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PICUM, FEANTSA and EAPN held the INTERNATIONAL WORKSHOP Housing and Homelessness of Undocumented Migrants in Europe: Building Alliances and Developing Strategies, in Brussels, Friday 28 June 2013.
Undocumented migrants across Europe are excluded from state-subsidised housing or support due to their lack of a residence permit, and are thus relegated to the margins of the private market through their economic and social conditions. However, due to legal, economic and social constraints, they often pay above market rates for inadequate accommodation. In the absence of formal work permits and without access to social protection, undocumented migrants overwhelmingly work in the informal labour market to provide for themselves and their families, where they routinely experience underpayment, exploitation and abuse. Poor economic conditions have a dramatic impact on their living conditions.
In the private market, undocumented renters are very vulnerable, have very little bargaining power and are restricted from accessing complaints mechanisms and redress in cases of exploitation and other violations of their rights as tenants. Their position is further compromised in some countries, where a residence permit is required to legally rent on the private market and where people may face sanctions for renting to undocumented migrants. In these contexts, many undocumented migrants endure poor, overcrowded and substandard housing conditions at exploitative rates. Further, housing is insecure and many undocumented migrants and their families are at a high risk of losing a regular, safe and secure home, have to move frequently, and at times rely on friends and family, stay in squats or find themselves without accommodation.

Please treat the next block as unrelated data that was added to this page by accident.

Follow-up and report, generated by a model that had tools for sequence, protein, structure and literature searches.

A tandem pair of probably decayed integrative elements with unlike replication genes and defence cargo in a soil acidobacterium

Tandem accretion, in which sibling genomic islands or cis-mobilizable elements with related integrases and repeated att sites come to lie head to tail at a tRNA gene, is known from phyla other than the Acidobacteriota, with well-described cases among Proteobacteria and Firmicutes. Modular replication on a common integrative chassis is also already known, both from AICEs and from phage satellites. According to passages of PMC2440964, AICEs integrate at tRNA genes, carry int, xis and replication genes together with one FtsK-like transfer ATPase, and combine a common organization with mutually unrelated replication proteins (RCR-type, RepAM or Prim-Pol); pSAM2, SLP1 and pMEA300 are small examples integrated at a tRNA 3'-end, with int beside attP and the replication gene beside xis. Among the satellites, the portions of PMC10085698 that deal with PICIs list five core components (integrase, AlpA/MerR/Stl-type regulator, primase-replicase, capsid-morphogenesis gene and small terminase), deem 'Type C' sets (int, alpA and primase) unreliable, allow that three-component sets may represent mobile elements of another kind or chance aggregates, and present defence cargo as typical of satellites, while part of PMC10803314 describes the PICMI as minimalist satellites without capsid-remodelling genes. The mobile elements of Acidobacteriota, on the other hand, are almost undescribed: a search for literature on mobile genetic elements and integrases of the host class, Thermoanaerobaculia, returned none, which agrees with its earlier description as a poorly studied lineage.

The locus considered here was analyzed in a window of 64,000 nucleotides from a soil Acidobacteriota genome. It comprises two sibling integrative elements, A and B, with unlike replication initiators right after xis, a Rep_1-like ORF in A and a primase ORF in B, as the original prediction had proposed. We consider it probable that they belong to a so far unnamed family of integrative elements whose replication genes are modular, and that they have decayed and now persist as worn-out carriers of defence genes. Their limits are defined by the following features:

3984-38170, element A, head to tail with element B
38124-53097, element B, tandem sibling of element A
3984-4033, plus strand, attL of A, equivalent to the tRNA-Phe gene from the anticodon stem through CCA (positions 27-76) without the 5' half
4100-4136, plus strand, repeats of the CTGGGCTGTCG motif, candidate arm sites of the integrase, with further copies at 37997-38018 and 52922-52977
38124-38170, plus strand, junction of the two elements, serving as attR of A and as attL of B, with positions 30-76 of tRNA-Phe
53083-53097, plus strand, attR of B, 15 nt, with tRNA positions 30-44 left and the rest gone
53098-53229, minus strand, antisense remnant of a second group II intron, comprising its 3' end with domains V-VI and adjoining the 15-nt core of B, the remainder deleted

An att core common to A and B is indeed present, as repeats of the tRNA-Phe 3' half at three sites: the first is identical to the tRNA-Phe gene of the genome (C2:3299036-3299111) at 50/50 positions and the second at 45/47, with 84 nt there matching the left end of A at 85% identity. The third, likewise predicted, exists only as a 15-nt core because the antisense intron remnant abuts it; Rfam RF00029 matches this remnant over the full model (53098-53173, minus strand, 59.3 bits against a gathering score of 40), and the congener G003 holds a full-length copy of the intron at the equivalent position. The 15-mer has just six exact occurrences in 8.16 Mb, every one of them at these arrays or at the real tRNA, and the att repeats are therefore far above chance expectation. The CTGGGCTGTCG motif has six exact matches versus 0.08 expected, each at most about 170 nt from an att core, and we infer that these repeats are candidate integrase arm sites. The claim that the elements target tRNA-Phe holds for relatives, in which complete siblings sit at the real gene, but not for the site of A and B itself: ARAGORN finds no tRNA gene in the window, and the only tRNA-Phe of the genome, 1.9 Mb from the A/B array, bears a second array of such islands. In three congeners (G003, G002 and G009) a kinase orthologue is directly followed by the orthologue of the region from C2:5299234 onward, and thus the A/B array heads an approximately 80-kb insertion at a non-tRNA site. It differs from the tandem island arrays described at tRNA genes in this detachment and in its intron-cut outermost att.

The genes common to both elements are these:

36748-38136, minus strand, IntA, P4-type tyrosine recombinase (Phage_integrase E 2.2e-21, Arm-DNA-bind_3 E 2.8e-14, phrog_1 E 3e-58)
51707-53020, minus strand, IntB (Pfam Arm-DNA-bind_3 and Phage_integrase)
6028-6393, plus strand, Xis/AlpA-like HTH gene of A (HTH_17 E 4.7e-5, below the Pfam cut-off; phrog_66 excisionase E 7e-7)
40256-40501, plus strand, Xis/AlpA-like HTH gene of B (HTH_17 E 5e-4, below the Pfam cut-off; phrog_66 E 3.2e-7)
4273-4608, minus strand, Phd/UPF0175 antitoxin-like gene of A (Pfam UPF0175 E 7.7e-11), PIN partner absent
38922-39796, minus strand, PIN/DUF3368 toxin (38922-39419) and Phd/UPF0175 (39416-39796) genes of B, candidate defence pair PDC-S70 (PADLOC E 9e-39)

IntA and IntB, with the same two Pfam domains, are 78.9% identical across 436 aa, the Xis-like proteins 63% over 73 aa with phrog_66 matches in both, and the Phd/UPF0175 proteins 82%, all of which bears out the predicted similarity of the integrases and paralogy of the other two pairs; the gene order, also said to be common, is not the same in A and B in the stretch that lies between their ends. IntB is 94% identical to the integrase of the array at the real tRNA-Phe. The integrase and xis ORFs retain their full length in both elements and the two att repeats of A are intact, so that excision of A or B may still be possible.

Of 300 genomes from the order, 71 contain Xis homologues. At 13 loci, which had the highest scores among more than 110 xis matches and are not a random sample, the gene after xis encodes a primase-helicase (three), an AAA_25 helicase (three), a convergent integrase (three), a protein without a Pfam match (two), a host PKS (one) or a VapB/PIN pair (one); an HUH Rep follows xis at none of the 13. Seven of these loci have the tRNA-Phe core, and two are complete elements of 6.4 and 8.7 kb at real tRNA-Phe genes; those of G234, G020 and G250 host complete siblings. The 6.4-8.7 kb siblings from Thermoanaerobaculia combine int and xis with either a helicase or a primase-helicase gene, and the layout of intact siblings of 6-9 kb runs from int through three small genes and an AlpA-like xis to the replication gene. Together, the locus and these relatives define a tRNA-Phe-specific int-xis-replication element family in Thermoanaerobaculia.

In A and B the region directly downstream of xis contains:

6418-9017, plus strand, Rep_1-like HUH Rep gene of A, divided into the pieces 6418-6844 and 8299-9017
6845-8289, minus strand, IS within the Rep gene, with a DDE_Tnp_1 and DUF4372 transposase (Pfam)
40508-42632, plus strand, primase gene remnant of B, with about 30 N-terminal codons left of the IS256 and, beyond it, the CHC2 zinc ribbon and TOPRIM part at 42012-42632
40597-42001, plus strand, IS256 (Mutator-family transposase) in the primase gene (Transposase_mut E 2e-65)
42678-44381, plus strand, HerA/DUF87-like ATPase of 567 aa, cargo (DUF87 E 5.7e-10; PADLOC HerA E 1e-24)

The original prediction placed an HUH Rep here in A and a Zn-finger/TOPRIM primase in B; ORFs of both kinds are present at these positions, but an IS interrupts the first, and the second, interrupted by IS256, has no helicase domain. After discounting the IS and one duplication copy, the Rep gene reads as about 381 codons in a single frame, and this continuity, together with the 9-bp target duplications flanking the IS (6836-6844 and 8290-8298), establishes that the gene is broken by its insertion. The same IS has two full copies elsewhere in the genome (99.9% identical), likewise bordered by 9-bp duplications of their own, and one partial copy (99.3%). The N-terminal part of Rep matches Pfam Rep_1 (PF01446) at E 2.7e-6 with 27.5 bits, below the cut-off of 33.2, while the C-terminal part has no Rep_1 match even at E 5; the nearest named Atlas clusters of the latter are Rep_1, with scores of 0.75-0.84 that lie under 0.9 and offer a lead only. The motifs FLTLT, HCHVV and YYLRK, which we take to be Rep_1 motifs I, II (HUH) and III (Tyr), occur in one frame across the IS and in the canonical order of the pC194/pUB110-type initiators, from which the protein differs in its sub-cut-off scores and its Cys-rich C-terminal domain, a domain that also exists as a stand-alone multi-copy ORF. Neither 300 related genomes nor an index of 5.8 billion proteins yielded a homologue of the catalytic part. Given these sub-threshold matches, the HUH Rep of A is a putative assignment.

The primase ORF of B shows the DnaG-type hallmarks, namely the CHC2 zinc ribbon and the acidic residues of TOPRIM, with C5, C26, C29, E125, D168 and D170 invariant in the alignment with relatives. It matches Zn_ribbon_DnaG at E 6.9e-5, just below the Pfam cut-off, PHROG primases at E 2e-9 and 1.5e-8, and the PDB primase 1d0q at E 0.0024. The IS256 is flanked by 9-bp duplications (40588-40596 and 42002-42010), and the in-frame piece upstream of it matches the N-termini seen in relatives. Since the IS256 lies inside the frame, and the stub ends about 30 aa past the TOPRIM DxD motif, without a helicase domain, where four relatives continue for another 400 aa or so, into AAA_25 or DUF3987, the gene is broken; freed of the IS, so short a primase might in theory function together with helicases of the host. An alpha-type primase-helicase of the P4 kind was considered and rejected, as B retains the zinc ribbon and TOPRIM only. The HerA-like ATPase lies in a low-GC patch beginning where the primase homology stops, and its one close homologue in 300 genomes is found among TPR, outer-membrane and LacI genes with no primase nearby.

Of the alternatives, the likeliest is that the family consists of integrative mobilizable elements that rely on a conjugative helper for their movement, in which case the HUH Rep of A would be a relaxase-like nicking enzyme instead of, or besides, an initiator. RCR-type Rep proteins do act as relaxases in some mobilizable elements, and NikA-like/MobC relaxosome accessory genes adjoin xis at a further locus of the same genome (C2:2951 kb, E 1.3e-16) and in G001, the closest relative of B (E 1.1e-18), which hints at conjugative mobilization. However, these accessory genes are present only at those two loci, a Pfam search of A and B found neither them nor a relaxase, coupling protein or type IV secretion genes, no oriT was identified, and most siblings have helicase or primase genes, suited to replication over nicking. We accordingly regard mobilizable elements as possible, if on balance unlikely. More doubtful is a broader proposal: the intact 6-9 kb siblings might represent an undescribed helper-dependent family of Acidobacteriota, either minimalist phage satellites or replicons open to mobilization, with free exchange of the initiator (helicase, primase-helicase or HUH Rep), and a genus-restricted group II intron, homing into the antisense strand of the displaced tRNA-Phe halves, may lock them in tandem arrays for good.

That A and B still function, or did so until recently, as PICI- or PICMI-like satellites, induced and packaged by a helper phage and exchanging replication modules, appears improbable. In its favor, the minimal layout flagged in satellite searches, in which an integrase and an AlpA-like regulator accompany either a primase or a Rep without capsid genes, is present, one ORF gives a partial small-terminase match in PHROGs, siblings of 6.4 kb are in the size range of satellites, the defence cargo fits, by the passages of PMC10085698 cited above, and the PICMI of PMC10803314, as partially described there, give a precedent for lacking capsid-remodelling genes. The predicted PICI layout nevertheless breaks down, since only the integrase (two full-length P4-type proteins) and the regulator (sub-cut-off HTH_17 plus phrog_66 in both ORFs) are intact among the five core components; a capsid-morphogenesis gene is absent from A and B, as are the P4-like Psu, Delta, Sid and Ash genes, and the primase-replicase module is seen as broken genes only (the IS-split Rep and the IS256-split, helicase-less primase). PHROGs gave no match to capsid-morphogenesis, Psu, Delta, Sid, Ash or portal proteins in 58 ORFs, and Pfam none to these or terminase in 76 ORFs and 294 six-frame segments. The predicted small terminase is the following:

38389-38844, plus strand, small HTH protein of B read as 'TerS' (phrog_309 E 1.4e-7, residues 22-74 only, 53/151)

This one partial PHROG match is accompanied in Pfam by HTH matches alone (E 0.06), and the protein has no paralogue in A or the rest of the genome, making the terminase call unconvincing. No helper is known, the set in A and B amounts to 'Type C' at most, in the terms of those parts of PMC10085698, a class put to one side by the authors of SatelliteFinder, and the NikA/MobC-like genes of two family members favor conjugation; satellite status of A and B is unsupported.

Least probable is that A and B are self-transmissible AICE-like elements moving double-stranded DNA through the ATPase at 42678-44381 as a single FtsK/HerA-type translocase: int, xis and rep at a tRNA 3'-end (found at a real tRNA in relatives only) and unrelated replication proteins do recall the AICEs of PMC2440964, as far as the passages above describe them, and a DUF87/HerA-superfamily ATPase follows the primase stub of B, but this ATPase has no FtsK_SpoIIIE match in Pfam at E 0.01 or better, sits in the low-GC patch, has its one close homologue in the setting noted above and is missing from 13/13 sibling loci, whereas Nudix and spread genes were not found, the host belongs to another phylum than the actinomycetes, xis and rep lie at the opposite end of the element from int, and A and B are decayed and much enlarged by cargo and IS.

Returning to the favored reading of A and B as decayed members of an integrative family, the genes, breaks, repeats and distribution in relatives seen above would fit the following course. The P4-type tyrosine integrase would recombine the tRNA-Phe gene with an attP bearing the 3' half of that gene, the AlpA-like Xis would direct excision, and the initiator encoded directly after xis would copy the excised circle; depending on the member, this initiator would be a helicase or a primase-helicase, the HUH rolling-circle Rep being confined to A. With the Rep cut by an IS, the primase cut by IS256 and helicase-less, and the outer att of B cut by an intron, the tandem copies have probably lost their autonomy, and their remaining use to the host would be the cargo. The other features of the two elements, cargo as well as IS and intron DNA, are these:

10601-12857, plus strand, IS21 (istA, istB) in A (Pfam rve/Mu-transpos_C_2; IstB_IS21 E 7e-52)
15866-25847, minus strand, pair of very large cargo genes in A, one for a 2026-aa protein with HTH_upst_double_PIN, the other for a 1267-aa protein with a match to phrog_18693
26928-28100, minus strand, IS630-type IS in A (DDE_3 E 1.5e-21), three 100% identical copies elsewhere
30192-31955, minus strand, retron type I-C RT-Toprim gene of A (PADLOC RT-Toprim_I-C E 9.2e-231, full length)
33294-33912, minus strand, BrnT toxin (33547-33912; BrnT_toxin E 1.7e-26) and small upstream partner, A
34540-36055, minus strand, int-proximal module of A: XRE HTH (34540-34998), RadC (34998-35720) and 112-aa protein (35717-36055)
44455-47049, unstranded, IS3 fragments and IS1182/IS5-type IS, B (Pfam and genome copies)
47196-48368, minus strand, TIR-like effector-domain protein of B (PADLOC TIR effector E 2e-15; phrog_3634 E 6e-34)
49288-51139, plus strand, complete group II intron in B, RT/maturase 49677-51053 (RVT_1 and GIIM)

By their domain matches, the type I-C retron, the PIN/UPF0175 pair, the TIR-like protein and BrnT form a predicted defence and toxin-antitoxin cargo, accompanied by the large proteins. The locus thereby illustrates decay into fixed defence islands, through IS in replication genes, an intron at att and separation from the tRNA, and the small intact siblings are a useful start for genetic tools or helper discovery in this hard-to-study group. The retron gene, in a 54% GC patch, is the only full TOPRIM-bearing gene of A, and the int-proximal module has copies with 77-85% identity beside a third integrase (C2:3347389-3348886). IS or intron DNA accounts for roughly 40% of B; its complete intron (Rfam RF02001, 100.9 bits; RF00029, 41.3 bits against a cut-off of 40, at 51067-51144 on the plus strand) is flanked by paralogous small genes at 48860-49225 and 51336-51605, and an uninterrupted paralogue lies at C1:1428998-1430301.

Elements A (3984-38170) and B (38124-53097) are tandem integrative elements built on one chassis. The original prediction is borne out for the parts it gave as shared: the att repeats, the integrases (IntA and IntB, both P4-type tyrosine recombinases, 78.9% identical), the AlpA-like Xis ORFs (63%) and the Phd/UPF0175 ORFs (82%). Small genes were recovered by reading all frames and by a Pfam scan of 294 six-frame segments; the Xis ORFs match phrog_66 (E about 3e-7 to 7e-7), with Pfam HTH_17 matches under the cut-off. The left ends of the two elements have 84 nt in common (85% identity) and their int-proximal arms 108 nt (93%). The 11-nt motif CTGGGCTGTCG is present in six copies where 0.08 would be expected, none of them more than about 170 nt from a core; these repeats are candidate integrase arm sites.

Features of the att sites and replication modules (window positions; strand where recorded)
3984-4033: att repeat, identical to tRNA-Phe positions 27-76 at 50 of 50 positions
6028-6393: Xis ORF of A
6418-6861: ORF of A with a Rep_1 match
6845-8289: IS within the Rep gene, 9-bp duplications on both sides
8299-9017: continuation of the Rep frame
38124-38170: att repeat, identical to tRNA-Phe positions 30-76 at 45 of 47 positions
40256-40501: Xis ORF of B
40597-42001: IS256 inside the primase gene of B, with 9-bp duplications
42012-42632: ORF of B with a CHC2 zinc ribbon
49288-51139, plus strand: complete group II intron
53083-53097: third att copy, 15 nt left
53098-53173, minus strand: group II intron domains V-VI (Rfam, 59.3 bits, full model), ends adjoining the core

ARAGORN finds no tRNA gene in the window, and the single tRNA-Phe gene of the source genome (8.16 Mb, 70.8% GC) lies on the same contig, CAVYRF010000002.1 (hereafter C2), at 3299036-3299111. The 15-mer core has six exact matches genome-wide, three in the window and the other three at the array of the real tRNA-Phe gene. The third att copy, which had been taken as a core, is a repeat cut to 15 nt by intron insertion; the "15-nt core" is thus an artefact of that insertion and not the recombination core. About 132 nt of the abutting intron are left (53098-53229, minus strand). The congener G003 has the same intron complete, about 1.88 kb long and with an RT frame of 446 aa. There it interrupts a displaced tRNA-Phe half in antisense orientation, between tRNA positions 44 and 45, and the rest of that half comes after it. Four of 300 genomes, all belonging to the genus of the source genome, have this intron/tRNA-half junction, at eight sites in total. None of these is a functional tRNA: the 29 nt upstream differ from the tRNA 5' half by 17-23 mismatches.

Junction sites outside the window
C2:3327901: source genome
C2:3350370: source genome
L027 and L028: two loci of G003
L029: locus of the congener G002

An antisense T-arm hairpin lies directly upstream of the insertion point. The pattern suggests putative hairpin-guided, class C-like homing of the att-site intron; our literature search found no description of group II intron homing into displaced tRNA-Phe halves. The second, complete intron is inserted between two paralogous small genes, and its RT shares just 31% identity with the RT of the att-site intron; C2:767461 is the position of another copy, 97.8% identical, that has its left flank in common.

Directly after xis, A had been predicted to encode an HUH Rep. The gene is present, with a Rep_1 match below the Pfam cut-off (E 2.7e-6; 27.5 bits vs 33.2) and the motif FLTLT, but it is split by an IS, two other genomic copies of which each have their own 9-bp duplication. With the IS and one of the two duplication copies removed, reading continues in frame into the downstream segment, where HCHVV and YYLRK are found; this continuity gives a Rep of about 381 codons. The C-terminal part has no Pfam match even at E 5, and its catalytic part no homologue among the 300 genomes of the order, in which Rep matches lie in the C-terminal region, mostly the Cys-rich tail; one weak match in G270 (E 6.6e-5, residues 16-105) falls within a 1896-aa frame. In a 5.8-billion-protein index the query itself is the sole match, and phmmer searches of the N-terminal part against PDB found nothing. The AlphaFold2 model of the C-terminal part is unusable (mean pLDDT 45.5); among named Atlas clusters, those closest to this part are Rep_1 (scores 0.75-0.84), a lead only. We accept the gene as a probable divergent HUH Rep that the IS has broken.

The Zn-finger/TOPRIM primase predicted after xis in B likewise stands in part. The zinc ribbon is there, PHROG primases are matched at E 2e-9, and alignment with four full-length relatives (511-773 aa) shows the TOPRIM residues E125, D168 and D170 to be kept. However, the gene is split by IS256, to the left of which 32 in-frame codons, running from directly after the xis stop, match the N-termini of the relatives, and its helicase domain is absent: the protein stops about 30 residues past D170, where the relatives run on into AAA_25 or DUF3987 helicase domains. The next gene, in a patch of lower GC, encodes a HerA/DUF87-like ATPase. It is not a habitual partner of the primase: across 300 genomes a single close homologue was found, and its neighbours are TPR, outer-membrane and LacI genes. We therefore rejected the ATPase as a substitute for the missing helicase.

Access to homeless shelters is not guaranteed for undocumented migrants in most countries, but is an increasing concern as service providers across Europe see growing numbers of undocumented migrants reaching out to their services. Belgian organisations have reported that around 80-90 per cent of users of winter shelters in Brussels are undocumented. State run long-term shelters often set conditions such as regular residence status or social security registration to allow access. In a similar vein, private facilities are also reluctant to accept undocumented homeless migrants for long-term shelter programmes. Possibilities for undocumented migrants to access emergency night shelters do exist in many countries although many obstacles remain. In many countries the obligation to share data with immigration authorities and detection practices that undermine fundamental rights continue to be among the difficulties faced both by undocumented migrants and service providers.
This is the presentation I prepared regarding the situation of undocumented and irregular migrants in Spain, concerning housing and access to health care.
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